New research suggests that using a phone increases your risk of cancer, but the numbers tell a different story.
Ever since the Stewart report into mobile phone safety was published in 2000, many parents have been nervous about their children's fondness for fashionable handsets. While this expert inquiry found no evidence of harm, it recommended a precautionary approach for children, citing uncertainties about their developing brains.
Those fears have been heightened this week by a spate of alarming headlines, triggered by a story in the Independent on Sunday. “Children and teenagers are five times more likely to get brain cancer if they use mobile phones,” it declared.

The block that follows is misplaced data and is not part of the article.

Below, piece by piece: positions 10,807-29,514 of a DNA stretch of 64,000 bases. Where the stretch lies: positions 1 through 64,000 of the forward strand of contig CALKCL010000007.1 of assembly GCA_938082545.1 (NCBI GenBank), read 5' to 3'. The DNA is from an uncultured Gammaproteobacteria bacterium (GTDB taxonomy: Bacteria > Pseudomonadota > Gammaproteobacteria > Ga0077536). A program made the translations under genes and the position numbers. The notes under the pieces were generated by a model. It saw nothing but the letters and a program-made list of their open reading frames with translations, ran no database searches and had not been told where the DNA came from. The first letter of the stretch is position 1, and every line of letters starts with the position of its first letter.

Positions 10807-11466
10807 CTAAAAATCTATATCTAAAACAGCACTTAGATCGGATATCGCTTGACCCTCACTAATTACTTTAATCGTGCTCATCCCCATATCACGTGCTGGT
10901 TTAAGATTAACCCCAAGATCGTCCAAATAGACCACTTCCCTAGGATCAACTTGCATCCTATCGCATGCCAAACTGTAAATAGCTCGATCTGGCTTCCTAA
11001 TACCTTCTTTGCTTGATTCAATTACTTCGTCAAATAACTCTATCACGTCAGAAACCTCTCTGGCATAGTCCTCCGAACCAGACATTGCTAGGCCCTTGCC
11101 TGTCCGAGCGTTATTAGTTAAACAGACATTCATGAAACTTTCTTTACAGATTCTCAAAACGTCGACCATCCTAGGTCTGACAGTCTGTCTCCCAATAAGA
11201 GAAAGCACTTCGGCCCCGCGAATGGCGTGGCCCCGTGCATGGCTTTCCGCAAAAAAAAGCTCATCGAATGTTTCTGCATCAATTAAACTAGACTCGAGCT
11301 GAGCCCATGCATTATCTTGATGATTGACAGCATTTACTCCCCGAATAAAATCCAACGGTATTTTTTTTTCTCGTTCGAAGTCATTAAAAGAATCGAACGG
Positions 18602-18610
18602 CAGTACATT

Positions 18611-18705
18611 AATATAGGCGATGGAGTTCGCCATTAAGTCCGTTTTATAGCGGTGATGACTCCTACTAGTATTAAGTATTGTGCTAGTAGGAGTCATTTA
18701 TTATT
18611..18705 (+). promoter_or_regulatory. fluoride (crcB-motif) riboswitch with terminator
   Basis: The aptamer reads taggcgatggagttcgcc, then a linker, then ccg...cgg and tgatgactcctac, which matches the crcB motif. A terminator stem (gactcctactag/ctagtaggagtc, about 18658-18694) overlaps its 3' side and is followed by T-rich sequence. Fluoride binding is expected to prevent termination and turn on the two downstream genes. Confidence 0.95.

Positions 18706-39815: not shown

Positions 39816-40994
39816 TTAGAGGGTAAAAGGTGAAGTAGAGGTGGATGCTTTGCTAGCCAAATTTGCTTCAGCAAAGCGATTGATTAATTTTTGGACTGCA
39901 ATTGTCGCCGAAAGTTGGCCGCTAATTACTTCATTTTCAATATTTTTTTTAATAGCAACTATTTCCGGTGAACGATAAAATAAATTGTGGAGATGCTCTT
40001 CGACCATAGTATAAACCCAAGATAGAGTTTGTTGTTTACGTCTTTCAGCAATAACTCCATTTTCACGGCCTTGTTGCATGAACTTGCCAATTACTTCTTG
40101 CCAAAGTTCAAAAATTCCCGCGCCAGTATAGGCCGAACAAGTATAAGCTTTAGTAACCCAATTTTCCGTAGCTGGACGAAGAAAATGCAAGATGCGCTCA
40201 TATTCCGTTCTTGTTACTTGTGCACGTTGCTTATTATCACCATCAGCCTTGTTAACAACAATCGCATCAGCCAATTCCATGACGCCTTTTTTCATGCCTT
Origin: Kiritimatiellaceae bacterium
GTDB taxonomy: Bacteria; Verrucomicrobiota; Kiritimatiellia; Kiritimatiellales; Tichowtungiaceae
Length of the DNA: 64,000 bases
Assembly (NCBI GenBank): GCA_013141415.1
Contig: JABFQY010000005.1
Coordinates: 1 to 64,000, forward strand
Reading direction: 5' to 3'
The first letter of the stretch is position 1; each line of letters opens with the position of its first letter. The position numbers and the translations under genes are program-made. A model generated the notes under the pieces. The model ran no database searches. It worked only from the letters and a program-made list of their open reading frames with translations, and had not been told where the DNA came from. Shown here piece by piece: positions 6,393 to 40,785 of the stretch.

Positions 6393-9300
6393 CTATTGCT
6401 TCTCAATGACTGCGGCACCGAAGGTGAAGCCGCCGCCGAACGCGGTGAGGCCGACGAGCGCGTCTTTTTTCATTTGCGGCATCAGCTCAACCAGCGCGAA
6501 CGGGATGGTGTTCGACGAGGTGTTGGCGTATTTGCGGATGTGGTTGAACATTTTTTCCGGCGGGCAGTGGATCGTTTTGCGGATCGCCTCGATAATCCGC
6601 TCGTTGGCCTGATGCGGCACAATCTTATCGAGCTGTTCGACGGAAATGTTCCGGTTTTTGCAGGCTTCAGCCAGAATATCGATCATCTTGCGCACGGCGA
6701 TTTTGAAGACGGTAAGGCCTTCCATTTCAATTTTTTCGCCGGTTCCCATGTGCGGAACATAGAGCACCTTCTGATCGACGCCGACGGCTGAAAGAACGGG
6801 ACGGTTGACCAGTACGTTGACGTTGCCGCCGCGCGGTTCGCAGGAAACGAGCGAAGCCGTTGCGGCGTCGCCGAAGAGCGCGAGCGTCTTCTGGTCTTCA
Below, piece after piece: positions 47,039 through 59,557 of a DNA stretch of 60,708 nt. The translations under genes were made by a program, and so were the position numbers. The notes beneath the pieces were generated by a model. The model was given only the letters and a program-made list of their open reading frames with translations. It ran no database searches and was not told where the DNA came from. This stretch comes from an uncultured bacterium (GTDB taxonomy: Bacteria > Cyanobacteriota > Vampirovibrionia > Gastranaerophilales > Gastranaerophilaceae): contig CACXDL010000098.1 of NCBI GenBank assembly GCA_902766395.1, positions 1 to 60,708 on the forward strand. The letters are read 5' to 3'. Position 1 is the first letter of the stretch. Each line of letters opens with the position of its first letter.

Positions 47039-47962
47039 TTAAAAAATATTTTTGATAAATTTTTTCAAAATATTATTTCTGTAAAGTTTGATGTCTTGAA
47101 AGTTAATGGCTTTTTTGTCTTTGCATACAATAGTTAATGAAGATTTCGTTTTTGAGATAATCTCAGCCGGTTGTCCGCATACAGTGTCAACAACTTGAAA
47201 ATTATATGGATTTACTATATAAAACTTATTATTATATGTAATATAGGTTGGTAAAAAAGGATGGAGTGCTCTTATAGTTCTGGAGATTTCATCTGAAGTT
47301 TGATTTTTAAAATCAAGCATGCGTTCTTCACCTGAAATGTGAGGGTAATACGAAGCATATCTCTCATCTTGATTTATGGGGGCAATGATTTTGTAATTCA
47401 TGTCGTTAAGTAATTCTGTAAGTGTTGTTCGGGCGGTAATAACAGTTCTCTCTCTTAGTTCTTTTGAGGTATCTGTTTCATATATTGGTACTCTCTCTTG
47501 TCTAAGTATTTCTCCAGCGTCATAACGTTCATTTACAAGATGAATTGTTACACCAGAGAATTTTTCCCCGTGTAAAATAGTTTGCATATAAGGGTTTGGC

A study by Lennart Hardell, a Swedish scientist, had found an increased risk of two types of tumour, acoustic neuroma and glioma, among under-16s who used mobile phones. Here, it appeared, was evidence that concern was justified. The story, however, was not quite what it seemed. In fact, it is an object lesson in how not to report risk.
A five-fold risk sounds extremely frightening. But it is what is known in statistics as a relative risk, and on its own, it is meaningless for judging health hazards. The question you need to ask is: “Five times what?” If the original risk is reasonably high, a five-fold rise might be worth worrying about, but a tiny risk multiplied five times will still be tiny. It is absolute risks - the overall chance of getting a condition - that matter for health. The Independent on Sunday did not supply them.
Source - Times